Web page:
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Six Ways to Better Protect Your Financial Information

Follow These Steps to Safeguard Your Online Data
| By: Randall E. White, CFP®, RICP®, CRPC®, CMFC®

Six Ways to Better Protect Your Financial Information
Thursday, 07 July 2022

In today’s digital age, managing and accessing your money has never been easier. You can interact with your bank accounts online, set up automatic bill payments, and use apps that allow you to track your money, investments, and budgeting – all at the touch of your fingertips. Although it’s convenient, having so much of our personal data online also opens us up to the risk of identity theft and scammers who may try to take advantage. Luckily, there are steps that you can take to strengthen your cybersecurity and better protect your financial and personal information.

Below, we’ll discuss six ways you can safeguard your personal data.

1.    Be Smart and Creative with Your Passwords

It may seem like such a simple thing but making sure your passwords are complex and non-repetitive can go a long way in helping you protect your financial information. It’s tempting to use your birthday or pets’ names for passwords so that you won’t forget them, but passwords like that are easy for scammers to guess. This advice isn’t just for your bank accounts, but also for your social and email accounts as well. One of the biggest dangers that comes with having passwords that are less-than-secure is that scammers can access your personal information via your email or use your email to gain access to your financial accounts. Having complex passwords that you change frequently means that scammers will have a harder time accessing any of your accounts, keeping them from being able to steal your data, and ultimately, your money.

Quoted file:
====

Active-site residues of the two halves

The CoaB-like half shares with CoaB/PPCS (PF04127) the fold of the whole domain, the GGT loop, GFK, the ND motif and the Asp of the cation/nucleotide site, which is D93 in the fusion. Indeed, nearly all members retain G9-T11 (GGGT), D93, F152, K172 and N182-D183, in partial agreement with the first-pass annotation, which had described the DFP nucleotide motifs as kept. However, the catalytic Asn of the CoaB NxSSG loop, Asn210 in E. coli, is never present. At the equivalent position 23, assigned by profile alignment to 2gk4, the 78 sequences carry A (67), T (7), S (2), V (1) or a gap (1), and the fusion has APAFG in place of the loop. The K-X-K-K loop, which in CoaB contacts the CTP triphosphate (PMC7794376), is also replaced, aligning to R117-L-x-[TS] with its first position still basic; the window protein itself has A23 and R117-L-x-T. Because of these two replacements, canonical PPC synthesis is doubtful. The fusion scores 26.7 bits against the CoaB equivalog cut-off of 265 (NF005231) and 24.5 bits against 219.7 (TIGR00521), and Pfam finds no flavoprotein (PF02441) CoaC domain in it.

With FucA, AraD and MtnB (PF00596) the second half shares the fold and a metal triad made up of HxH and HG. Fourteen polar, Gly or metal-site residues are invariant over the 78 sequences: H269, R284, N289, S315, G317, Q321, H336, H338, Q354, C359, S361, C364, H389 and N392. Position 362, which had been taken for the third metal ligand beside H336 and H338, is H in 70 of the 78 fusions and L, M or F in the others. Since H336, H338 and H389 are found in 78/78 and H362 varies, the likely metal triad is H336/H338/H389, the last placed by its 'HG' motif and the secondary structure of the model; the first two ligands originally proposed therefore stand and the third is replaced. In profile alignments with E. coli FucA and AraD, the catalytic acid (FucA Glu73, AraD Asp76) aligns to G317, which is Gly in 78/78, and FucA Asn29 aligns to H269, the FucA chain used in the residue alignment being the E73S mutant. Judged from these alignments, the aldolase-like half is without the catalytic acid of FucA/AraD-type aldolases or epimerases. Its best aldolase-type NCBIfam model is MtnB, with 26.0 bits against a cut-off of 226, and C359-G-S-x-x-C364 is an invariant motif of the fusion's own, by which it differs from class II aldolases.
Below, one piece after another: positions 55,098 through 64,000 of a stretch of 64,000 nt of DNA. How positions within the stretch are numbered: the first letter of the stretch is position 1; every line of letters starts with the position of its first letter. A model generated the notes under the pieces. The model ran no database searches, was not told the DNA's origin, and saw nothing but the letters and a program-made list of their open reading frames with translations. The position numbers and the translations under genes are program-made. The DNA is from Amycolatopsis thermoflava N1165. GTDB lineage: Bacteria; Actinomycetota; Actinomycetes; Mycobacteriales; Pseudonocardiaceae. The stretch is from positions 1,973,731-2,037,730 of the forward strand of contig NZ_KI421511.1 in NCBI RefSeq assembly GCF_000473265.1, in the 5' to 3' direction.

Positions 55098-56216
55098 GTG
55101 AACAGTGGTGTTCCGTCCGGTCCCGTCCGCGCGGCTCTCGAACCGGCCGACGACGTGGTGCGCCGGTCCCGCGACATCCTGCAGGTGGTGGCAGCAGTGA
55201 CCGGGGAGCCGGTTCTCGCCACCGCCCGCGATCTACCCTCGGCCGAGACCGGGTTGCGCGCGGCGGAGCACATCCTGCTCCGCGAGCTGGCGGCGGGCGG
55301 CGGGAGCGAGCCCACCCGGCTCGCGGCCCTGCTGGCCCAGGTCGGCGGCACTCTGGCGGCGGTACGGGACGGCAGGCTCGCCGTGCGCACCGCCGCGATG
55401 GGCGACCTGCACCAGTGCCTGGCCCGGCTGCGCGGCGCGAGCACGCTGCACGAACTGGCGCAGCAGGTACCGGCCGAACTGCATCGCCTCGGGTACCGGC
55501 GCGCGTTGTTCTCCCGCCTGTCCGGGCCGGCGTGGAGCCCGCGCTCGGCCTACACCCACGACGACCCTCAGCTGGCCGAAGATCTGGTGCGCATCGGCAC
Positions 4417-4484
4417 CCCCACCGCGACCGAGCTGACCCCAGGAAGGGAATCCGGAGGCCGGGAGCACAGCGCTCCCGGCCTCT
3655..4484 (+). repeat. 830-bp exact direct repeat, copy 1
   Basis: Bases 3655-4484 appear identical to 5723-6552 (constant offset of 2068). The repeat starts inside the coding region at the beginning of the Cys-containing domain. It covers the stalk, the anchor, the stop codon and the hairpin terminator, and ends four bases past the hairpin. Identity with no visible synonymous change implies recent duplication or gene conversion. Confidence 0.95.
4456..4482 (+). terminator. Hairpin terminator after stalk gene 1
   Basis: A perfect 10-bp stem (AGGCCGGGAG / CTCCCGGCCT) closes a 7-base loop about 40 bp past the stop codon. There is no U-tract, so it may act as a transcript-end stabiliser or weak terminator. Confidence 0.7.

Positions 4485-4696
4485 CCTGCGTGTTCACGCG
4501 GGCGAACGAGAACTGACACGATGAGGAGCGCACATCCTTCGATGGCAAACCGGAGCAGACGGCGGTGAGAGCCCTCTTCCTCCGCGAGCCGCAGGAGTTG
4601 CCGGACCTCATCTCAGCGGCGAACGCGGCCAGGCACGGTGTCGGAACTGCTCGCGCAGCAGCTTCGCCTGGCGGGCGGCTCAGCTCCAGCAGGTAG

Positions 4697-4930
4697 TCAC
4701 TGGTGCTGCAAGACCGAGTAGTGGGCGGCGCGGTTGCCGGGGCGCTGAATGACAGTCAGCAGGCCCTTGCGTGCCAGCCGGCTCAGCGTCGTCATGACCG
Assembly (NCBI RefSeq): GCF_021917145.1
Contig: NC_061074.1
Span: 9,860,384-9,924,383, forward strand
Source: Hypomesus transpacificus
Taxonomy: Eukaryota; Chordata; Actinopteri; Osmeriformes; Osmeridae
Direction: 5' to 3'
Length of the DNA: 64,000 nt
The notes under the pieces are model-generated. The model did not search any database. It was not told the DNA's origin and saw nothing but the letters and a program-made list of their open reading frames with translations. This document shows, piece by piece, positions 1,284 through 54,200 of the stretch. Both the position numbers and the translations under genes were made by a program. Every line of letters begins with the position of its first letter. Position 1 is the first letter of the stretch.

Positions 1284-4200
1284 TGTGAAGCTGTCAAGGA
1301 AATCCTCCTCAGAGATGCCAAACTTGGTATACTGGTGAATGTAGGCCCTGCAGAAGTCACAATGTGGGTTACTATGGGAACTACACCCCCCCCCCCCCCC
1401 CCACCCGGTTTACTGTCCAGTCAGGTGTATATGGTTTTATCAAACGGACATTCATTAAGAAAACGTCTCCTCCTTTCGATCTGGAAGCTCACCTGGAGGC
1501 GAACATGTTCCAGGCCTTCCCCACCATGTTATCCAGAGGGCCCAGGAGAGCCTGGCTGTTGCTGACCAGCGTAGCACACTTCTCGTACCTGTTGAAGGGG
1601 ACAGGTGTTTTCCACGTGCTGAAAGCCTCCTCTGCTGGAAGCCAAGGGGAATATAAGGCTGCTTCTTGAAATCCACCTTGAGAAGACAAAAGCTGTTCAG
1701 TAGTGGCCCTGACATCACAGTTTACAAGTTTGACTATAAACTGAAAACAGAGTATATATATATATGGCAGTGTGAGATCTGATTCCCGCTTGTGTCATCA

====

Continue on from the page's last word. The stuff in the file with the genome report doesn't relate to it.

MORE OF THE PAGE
If you’re someone who struggles to remember passwords, consider using a password management tool such as LastPass which is an encrypted app that requires a master password to access all of your saved individual account passwords. Apps like this allow for to ensure your passwords are strong on all of your accounts and devices, while also helping you keep track of them.


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2. Only Shop on Secure Sites

When shopping online, take a pause before you enter your payment information to make a purchase. Look at the web address of the site that you’re on – if the address starts with ‘HTTPS’ instead of ‘HTTP,’ then you’re on a secure site. That ‘S’ in HTTPS stands for secure and means that all communication taking place on the website is encrypted. It’s also risky to enter your personal information if you’re connected to public Wi-Fi so you may want to think about keeping your online shopping to when you’re at home on a secure, password-protected internet connection.

3. Be Smart with Your Payment Methods

Online shopping isn’t the only time that you’re at risk of allowing access to your personal accounts. Keep only one or two cards on you whenever you go out, as this can minimize any damage should you lose your wallet or have it stolen. When shopping, use your credit card over your debit card whenever possible, as credit cards come with more protections for consumers. When using ATMs, try to only use ones that are at banks rather than ones at restaurants or gas stations. Also, be alert when inserting your card – if it jiggles then it could be a skimmer.